And so we did. In addition to following the "right plant, right place" approach, we also embraced "right plant, right region." We wanted cold-hardy plants that would survive a North Tampa winter. Not only does this make sense, it saves cents -- as in not having to continually replace plants each spring.
|Beautyberry is a cold-hardy native that flourishes throughout the Southeast U.S.|
Yet our attitude appears to be unusual, even in our own neighborhood. No doubt about it: residents of Tampa Bay love their tropicals!
We live in USDA Hardiness Zone 9A, though I often select plants from 9B as well. Anything below that is a no-go, unless it can grow in a container that can be moved inside during freezes. In fact, just to show I am not immune to the tropical allure, I recently purchased a stunning heliconia at the USF Fall Plant Sale. But I bought it expressly for a large container, and that is where it will stay. I can imagine, however, that my husband will have a few choice words for it -- and me -- when it comes time for us to tag team this hefty thing of beauty into the shed.
I was heartened to see that many of the vendors at the plant sale -- especially the Native Plant Society -- were actively promoting cold-hardy species. I bought two more rouge plants from them to go with the single lonely specimen I now have.
|Ocala (yellow) anise is a cold-weather champion. |
When crushed, its leaves smell like -- you guessed it -- anise.
A major motivation for our landscape makeover was to save time. In the Spring, we'd rather be fishing or cycling than planting. And we sure don't want to have to keep shelling out our hard-earned money for new plants over and over again.
Yet the lure of tropicals is so strong for many of us - why is that? All of Florida is certainly not Miami, yet to look at the most common landscaping plants here you'd think it was. Sago and royal palms, ti plants, crotons, and bougainvilleas abound. And none can tolerate freezing temperatures for long. Some can't even take temperatures in the mid-40s -- and you can be sure we will see those every winter.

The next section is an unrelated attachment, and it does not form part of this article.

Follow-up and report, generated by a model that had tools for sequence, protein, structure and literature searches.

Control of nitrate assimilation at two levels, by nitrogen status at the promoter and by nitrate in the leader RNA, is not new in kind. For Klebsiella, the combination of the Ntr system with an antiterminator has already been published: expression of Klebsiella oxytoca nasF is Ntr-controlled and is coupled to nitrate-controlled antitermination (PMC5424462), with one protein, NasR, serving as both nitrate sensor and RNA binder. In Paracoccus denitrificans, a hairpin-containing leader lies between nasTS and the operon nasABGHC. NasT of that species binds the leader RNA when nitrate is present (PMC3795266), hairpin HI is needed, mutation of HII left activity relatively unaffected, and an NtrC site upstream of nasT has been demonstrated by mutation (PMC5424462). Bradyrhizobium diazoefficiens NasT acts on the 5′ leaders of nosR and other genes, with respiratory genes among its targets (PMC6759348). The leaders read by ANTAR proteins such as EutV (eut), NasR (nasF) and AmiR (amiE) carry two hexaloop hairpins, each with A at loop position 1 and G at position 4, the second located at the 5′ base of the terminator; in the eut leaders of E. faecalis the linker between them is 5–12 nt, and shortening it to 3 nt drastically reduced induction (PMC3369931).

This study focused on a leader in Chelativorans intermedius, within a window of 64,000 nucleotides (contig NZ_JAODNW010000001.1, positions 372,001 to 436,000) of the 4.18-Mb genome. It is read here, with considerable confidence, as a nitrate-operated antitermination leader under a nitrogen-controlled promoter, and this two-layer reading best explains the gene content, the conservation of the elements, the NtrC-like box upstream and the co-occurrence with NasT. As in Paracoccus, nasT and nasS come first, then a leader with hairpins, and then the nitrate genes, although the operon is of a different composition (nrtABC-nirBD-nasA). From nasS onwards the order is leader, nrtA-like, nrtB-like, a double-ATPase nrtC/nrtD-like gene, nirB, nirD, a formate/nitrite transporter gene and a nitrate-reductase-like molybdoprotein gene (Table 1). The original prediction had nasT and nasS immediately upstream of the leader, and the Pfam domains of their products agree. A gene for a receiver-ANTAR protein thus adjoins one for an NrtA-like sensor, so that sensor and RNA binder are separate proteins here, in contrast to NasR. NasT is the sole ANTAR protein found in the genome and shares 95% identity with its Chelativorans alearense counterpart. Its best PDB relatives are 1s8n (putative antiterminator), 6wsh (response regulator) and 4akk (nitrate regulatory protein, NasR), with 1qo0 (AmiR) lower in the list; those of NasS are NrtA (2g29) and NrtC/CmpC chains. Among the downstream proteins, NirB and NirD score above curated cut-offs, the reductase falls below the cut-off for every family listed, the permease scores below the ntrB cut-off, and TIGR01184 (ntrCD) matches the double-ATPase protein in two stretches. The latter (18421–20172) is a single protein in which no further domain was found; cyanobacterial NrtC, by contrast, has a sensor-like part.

Of course, there are always exceptions. Cold-sensitive plants grown along a fence, with a southern exposure, may do fine. Ditto for plants grown under the insulating warmth of an oak's canopy. This is where "right plant, right place" comes back into play. We were amazed at the way our large live oak served as a natural blanket for everything in our front yard. This is why our dracaena marginata tricolor, a definite tropical, flourishes there. Only the threesome on the very perimeter of the oak canopy showed any cold damage at all last winter, and then it was very little. Yet another reason to salute live oaks!
|Our tri-color dracaenas are now 4 feet tall and|
quite happy under the shelter of our large live oak
But the vast majority of the landscape is cold-hardy, for a reason. We learned our lesson in 2010.
|The distinctive Weeping Yaupon Holly makes a lovely small specimen tree|
All it takes is a little thought, and planning -- and maybe a bit of luck as well -- to beat winter to the punch!